The holidays can be a stressful time, disrupting your employees’ work/life balance. Workers may compete for overtime to help cover expenses or request more time off to spend with family. Or the extra stress and reduced sunlight may simply affect their moods. No matter “why” workplace conflicts happen, resolving them usually falls into the lap of the HR department. Co-workers who can’t get along, employees who dislike managers, all these disputes need to be resolved to maintain a productive workforce. Here’s how HR should go about doing it.
Rule Out Any Potential Compliance Issue
Before attempting to resolve any conflicts between employees and/or managers, you need to make sure the conflict didn’t violate any compliance issues, like sexual harassment. The US Equal Employment Opportunity Commission routinely fines companies for age and disability discrimination. It is imperative to make sure this isn’t happening at your company.
Be an Active Listener
While it is important for HR to remain impartial, mitigating conflict is easier when you are an active listener for all. SHRM suggests HR listen to both sides to reduce the impact of the conflict. That doesn’t necessarily mean agreeing with everything each side says, but rather respecting and empathizing with their opinions.
Keep Communication Open
Poor communication is the top reason for workplace conflicts, according to SHRM. Poor communication can also undermine the conflict resolution process; it is much easier to resolve conflicts if you aren’t completely blindsided by them. Keeping the lines of communication open, whether it is by having an open-door policy, having online chats or sending emails, will help you know if employees are feeling dissatisfied with their manager or upset with their co-workers. Besides alerting you to potential conflicts, an open-door policy can give you a heads-up if employees are feeling stressed, overworked, underappreciated or underpaid.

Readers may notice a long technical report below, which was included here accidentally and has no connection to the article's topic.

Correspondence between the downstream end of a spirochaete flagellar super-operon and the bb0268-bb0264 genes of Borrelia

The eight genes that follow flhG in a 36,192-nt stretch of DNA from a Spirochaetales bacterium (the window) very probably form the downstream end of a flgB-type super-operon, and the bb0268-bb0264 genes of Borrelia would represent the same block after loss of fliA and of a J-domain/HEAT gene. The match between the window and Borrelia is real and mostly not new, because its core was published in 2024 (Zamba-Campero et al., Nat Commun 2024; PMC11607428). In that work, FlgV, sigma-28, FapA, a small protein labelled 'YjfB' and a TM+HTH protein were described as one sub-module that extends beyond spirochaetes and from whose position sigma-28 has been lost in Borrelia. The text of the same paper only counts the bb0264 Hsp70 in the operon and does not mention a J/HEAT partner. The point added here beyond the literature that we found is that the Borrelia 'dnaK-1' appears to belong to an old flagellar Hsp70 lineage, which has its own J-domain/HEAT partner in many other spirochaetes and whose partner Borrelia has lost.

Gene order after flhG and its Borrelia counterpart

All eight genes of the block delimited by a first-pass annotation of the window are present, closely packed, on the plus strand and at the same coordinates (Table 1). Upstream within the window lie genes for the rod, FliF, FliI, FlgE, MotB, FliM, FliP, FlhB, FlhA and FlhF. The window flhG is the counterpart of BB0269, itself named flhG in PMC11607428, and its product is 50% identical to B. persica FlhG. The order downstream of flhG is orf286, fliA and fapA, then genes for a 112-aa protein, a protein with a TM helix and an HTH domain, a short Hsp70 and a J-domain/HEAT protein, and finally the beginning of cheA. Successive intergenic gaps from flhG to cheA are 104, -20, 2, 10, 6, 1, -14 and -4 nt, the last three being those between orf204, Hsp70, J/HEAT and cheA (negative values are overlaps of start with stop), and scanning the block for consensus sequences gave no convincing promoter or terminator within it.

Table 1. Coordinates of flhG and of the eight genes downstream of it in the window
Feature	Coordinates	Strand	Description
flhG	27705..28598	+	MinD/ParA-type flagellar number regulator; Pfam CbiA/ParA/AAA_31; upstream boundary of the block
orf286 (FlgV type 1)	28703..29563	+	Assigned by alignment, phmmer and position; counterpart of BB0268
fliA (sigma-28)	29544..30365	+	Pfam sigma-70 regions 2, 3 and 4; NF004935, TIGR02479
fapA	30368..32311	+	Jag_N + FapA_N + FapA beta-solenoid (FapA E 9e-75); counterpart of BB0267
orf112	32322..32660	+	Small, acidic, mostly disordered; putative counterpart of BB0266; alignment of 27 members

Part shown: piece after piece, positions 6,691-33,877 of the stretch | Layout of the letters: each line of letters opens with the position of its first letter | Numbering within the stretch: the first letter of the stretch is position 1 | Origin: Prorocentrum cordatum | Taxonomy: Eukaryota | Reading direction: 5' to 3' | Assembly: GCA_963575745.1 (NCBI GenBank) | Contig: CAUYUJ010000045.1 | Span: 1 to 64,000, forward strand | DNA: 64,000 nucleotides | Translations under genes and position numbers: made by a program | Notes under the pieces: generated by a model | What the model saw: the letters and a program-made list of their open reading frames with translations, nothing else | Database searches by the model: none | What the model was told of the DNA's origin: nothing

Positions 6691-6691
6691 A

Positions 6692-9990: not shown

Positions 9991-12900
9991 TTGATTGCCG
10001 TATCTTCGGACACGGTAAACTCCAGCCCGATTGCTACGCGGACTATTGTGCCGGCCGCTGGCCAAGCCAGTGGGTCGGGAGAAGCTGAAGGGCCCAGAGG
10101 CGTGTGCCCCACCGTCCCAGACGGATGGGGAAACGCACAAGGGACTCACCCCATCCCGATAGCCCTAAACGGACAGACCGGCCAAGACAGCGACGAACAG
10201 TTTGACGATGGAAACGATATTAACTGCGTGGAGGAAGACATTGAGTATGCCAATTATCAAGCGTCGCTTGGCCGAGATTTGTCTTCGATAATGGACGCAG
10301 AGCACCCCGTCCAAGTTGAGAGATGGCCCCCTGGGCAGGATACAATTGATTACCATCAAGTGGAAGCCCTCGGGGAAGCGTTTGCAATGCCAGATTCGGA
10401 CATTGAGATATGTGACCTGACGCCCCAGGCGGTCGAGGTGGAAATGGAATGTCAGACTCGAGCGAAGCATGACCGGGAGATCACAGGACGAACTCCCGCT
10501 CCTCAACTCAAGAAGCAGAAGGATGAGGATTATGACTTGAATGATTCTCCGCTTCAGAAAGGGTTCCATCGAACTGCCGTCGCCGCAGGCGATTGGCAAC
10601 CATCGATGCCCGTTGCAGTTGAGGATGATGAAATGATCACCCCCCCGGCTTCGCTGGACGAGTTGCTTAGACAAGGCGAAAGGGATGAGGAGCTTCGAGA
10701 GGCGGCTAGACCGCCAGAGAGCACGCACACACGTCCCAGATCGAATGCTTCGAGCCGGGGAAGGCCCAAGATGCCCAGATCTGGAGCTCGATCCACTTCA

Spell Out Policies in Your Handbook
It’s easier to settle disputes when you have policies in place for how your company expects employees to behave. Along with legal issues, your employee handbook can cover your company’s policies on topics that might cause workplace conflict like combustive issues including employee dating and complaints. An employee handbook should also lay out your company culture in your handbook by describing workplace norms, values and expectations. Include information on your company’s policies about dress code, social media access, drug testing and attendance.
Empower Staff to Be Part of The Solution
Resolving conflicts can be time consuming. Employees and managers spend an average of 4.3 hours a week dealing with conflict. It’s more efficient to invite employees to be part of the solution to eliminate future issues. Ask each of the employees to come up with three or four specific actions they can take to resolve the conflict between them. HR professionals should also train managers on how to resolve employee conflicts and when to elevate issues to HR.
Hold Regular Performance Reviews
A performance review is a great way for managers to stay on top of how their employees are feeling about their job and their co-workers. Plus, performance reviews provide the opportunity to adjust workloads and job descriptions, which could be the root of some conflicts, like doing another’s work or being bossy. And performance reviews are just part of good management.
Using a performance management system, like the one offered by Arcoro, keeps the lines of communication open, helping to reduce the number of conflicts in your workplace. Plus, a good performance review process goes a long way towards keeping your employees engaged in their daily work.